How it promotes its agenda
Trust me, Sinclair Broadcast Group is just as sinister as it looks, said Aaron Weiss in Huffington Post.com. I was briefly a news director with Sinclair, which, the country learned last week, ordered news anchors working at its 193 local television stations to all read the same Trumpian script denouncing “fake stories” and rampant media bias. The company, which is owned by wealthy Republican donors, has actually been forcing local anchors to read dictated political propaganda for years. In 2004, it forced its stations to run an anti–John Kerry “Swift Boat” documentary just before the presidential election. Nevertheless, when I joined a Sinclair-owned station in 2013, I was shocked by just how blatantly the company pushes stories that, if they ran in other countries, “we would rightly dismiss as state propaganda.” That’s why I, and many other journalists, have quit the company.
The “paranoid freak-out” over Sinclair is unwarranted, said Jonah Goldberg in USA Today. Sinclair’s warning about “one-sided news” wasn’t “Orwellian propaganda.” It was the kind of selfserving corporate ad copy that media companies spout all the time, such as the Washington Post’s hyperbolic Trump-era slogan “Democracy Dies in Darkness.” Sinclair’s sole sin is having “the wrong bias,” said David Harsanyi in NationalReview .com. The company is hardly alone in promoting “openly partisan journalism.” Supposedly objective CNN, for example, has engaged in “a full-blown push for gun control.” If you prefer a liberal slant, change the channel.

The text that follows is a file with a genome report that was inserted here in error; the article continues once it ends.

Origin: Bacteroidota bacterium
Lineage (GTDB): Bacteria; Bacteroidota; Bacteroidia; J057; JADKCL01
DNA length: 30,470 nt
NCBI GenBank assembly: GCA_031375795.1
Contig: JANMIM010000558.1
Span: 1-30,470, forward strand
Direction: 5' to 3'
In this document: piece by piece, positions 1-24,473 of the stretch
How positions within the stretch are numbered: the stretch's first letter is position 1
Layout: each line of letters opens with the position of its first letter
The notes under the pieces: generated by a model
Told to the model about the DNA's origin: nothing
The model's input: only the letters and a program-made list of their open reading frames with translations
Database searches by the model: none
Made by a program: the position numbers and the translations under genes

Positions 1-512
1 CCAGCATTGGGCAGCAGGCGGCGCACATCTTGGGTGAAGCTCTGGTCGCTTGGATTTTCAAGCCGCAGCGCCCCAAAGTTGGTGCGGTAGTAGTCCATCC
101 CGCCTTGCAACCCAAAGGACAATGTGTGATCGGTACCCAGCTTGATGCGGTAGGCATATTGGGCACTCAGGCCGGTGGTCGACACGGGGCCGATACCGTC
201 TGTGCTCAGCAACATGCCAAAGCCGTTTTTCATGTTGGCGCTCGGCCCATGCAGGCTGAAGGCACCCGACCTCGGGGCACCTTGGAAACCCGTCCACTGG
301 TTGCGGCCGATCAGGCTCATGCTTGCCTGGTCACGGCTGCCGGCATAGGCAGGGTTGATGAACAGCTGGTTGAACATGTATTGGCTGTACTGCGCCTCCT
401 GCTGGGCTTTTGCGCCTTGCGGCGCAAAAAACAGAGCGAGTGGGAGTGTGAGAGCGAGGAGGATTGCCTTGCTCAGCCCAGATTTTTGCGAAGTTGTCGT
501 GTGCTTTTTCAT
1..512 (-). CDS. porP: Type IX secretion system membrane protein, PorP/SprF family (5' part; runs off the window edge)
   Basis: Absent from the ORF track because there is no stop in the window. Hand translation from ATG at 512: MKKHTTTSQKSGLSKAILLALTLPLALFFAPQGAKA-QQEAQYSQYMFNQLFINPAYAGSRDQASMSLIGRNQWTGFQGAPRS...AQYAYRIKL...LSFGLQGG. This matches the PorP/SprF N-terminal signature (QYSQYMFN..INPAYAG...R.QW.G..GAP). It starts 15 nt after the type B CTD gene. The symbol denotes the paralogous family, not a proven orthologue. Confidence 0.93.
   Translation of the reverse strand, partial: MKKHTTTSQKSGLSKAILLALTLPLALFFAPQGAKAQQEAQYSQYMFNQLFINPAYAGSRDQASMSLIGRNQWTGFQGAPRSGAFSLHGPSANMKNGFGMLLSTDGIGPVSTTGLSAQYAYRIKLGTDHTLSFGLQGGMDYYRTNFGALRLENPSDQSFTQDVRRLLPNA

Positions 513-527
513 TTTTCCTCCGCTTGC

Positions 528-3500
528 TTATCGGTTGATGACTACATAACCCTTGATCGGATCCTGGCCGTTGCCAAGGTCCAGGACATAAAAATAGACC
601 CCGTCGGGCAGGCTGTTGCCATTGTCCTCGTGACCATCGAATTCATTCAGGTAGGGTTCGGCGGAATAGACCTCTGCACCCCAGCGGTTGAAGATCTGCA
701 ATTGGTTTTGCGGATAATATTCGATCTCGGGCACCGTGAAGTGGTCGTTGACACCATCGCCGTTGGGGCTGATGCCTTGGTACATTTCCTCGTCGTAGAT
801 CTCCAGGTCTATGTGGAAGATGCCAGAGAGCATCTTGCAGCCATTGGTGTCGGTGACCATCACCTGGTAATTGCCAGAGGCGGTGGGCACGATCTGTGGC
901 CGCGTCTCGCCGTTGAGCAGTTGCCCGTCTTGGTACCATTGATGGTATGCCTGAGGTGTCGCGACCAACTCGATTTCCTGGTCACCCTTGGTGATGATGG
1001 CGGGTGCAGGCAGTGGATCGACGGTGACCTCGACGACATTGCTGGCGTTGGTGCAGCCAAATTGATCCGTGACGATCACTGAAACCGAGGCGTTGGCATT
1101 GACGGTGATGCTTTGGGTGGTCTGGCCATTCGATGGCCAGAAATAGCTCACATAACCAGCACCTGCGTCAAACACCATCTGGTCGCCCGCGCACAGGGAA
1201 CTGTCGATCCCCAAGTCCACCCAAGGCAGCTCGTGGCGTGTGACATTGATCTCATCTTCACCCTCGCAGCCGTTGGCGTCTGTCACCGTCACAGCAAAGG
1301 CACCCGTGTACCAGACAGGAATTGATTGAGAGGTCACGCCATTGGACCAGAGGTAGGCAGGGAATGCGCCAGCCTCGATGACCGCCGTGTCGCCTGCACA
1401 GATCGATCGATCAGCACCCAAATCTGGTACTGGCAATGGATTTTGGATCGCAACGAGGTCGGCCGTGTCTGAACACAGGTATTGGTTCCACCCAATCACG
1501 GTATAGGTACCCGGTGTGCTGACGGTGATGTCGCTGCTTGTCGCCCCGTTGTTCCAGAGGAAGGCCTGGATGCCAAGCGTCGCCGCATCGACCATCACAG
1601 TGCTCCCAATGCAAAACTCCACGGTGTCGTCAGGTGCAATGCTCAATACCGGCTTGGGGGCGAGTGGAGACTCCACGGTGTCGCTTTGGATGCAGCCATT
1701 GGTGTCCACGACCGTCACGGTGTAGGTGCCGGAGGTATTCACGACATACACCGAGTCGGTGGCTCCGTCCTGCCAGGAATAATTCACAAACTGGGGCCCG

But Sinclair hides its biases in insidious ways, said Dylan Matthews in Vox.com. Unlike Fox News or MSNBC, Sinclair programming comes to people on local television channels affiliated with major networks like ABC, NBC, or CNN. Many of these stations’ news programs and their journalists have spent years building credibility within their communities. Millions of viewers “have no idea that they’re watching conservative editorials rather than normal local news.” Sinclair’s pro-Trump agenda has to be seen to be believed, said Erik Wemple in The Washington Post. “Political analyst” Boris Epshteyn, a former Trump campaign aide, produces nine commentaries a week that Sinclair stations must run. Epshteyn has denied there is any “chaos” in the administration and insists accurate reporting on Trump’s troubles is nothing but biased fiction. This is “gaslighting,” whose goal is to destroy any sense of objective truth.